Leica D-Lux 5 Titanium review

Limited edition luxury version of the D-Lux 5 compact camera

Leica D-Lux 5 Titanium
The Titanium edition of this Leica compact camera is expensive and stylish

TechRadar Verdict


  • +

    Metal body exudes class

  • +

    Feature-packed for a compact camera

  • +

    Film simulation and My Colour modes work in video and still modes

  • +

    Cheap for a Leica


  • -

    Expensive for a gloried snapshot camera

  • -

    No handgrip

  • -

    Video capture not quite instantaneous

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    Movies shot not in Full HD

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    Pictures suffer from pixel fringing and blown highlights

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The Panasonic Lumix DMC-LX5 is one of our favourite premium grade compact cameras, which means our hopes for the nigh identical 10.1MP, 3.8x optical zoom Leica D-Lux 5 Titanium are as high as the price tag. Yes, owning a Leica camera with its famous little red dot logo costs a lot, with little concession made to market competitiveness.

The silver-grey metal Leica D-Lux 5 Titanium is, however, still one of the least expensive cameras to bear the brand's hallmark, costing £855 in the UK and $1,195 in the US, compared to the £1,400 or $2,000 Leica X1. Leica also throws in a luxurious matching leather carry case.

If the Leica D-Lux 5 Titanium still sounds prohibitively pricey, the regular Leica D-Lux 5 is a comparative bargain, at £650 or $800. Cheaper competitors include the Canon PowerShot S100, Canon PowerShot G12, Nikon Coolpix P7100 and Fuji FinePix X10.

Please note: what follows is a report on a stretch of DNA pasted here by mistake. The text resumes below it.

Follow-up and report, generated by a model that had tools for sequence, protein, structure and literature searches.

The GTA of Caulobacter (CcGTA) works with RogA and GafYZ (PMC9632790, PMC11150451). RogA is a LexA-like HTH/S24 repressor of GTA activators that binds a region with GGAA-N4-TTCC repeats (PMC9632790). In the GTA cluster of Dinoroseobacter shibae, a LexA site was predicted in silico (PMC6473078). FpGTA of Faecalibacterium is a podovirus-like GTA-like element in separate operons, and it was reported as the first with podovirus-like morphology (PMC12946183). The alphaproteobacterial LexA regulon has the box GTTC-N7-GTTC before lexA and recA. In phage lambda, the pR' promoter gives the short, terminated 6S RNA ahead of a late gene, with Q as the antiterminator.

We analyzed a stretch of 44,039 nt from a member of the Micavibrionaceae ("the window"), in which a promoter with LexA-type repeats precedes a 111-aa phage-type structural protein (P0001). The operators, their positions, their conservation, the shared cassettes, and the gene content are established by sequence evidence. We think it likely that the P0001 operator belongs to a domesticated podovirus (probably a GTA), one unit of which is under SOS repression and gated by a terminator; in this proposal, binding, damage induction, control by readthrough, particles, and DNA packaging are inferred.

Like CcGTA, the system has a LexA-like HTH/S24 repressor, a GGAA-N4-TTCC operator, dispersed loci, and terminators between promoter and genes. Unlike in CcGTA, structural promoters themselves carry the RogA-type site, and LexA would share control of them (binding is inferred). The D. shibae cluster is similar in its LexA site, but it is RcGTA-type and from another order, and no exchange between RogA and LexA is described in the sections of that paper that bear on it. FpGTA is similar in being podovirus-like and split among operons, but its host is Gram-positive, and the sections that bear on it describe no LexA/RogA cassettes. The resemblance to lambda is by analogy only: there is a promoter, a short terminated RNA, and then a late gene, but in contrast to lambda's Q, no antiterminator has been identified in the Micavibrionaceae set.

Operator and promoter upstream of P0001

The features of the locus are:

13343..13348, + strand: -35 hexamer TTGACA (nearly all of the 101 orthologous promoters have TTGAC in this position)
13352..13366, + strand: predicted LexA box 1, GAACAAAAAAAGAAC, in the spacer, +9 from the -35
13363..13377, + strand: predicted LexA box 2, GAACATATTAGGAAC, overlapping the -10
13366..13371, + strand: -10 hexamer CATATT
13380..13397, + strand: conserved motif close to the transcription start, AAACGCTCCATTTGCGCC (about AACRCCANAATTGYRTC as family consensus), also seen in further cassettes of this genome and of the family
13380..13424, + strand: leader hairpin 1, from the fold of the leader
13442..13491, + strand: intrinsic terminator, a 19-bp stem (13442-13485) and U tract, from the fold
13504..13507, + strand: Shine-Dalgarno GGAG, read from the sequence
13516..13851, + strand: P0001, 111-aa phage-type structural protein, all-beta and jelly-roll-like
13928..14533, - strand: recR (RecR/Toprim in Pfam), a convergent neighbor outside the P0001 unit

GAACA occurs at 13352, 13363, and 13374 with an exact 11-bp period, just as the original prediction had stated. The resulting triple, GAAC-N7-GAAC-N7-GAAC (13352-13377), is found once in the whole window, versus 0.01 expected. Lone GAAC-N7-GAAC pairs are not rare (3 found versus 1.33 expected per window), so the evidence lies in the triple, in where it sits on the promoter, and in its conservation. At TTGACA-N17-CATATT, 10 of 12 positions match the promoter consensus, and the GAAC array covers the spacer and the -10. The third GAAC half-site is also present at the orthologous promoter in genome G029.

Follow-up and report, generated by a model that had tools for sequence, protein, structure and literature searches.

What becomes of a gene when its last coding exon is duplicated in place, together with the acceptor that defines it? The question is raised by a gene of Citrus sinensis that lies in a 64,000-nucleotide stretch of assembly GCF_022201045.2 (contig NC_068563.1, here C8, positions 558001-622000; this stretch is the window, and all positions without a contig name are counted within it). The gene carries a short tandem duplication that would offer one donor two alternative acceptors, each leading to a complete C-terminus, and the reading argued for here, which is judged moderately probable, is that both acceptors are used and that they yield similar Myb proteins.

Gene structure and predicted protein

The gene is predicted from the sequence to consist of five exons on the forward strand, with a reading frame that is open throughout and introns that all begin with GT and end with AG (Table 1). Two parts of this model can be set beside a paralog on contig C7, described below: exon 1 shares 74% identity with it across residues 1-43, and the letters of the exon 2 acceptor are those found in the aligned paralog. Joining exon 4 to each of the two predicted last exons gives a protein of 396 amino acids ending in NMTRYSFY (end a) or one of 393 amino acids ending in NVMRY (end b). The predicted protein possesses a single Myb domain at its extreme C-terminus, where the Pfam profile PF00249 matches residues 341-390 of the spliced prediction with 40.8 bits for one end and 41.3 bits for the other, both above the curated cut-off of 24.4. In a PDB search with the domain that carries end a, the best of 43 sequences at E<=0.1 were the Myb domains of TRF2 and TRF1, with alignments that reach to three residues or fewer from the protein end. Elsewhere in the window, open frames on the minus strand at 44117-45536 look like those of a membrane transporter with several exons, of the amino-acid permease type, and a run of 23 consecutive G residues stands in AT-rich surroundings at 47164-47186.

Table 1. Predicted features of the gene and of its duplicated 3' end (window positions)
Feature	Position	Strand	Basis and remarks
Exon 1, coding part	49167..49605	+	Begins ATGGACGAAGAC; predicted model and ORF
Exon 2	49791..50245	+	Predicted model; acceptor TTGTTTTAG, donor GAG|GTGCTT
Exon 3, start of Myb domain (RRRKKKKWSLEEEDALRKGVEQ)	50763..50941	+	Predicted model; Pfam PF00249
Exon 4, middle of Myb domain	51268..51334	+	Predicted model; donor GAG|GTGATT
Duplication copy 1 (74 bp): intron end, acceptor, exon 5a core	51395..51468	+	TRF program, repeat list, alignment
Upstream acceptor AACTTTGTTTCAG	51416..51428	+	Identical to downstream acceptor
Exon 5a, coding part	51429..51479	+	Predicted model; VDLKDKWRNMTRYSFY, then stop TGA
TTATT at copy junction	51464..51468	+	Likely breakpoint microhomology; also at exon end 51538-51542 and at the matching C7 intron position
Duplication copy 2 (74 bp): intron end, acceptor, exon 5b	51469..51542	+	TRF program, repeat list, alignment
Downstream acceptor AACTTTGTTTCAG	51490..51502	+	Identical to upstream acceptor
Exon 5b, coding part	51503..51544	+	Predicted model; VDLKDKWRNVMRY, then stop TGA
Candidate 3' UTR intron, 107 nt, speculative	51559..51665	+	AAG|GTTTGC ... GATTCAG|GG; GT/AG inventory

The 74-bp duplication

Like the Panasonic Lumix LX5, the Leica D-Lux 5 Titanium features an 11.3MP, 1/1.63-inch CCD sensor at its core, plus a bright f/2.0 maximum aperture that, along with an ISO range topping out at ISO 12800, suggests this is an able tool for low-light photography.

The compact camera also captures 1280 x 720 pixels video at 30 frames per second (fps) in a choice of AVCHD or Motion JPEG formats, with a dedicated red record button above and to the right of the top plate.

Both still images and videos are composed with the aid of the 3-inch LCD screen at the back, which offers a clear 460k dot resolution. A vacant accessory port just above the display enables an optional electronic viewfinder to be attached.

A pop-up flash is sunk within the camera's top plate and manually activated by a thumb switch. As with the Panasonic Lumix DMC-LX5, we also get a vacant hotshoe on the Leica D-Lux 5 Titanium for an extra accessory flash.

Gavin Stoker

When not wrestling wild bears or leaping tall buildings in a single bound, Gavin Stoker can be found editing British Photographic Industry News, the UK's longest running and only photo trade title. He has over 25 years of camera testing and reviewing under his belt.